Sometimes I almost feel too connected. Posts by my Facebook “close friends” appear in my gmail inbox. I am also alerted when someone posts to the School Librarian’s Workshop Facebook page as well as those on pages to which I belong. I am on Linkedin and am connected to several groups there so I am notified about new postings. Then there is @hildakw, my Twitter account (#slworkshop), and Google+. Four different email accounts, one of which is the inbox for three electronic discussion lists to which I am subscribed, afford more connections.
I need all these sources to stay current with developments in the field….and yet these connections require a huge investment of time. Trying to balance being productive—as in writing articles for School Librarian’s Workshop—with building my knowledge base is a daily feat. Time management seems to be the most vital skill we all need to develop in our frequently overly “participatory culture.” Some days I am better at than others. How are you managing?
The great irony of time saving technologies is that they end up consuming more of our time, particularly if we have a curious and enquiring mind. Worse still, if we are at least mildly obsessive when it comes to being informed and are 24/7 connected to the internet. To contain the prospect of information overload, I have found that it is absolutely essential to become very discriminating in the online knowledge that I wish to pursue.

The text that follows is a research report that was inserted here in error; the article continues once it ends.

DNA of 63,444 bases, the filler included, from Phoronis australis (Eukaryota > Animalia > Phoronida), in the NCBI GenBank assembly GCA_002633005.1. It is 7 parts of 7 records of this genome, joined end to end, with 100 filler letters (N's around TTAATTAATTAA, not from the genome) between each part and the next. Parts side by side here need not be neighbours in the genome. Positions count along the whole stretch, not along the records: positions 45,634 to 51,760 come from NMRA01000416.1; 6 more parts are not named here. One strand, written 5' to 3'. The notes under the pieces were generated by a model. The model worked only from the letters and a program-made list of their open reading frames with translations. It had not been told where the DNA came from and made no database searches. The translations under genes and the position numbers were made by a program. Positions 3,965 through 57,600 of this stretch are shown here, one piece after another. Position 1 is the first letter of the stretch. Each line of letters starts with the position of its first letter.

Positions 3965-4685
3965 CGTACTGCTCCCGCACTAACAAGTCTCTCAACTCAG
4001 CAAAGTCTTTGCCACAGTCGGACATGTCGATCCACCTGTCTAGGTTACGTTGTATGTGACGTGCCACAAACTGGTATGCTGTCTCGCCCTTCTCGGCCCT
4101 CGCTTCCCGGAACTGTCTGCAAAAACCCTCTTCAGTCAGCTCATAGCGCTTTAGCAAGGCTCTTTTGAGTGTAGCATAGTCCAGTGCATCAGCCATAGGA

There most certainly is! The danger of “information overload” is ever present and very real. Neurological studies on the impact of communication technology on the human brain is showing that prolonged use of such devices is actually beginning to rewire the neural pathways in our brains. One implication already discovered is a significant reduction in the ability to read for deep meaning. Clever entrepreneurs are already marketing holiday destinations that are devoid of mobile reception so that guests are forced to “unplug” for a day or so. The human brain and psyche is designed in such a way that regular “time out” is necessary to stay healthy, mentally and emotionally. The perceived need to stay “in touch” 24/7 must be challenged at every turn… for our own wellbeing.
Staying in touch” is often an excuse for computer addiction and it also encourages your short attention span. Select only the vital online sources to accomplish your work and to develop effective PR.. As for Social Media, select a vehicle to allow you to tell your complete message. Ideally your Social Media vehicle would also number, date and total the number of replies to your comments but I do not know if such a vehicle exists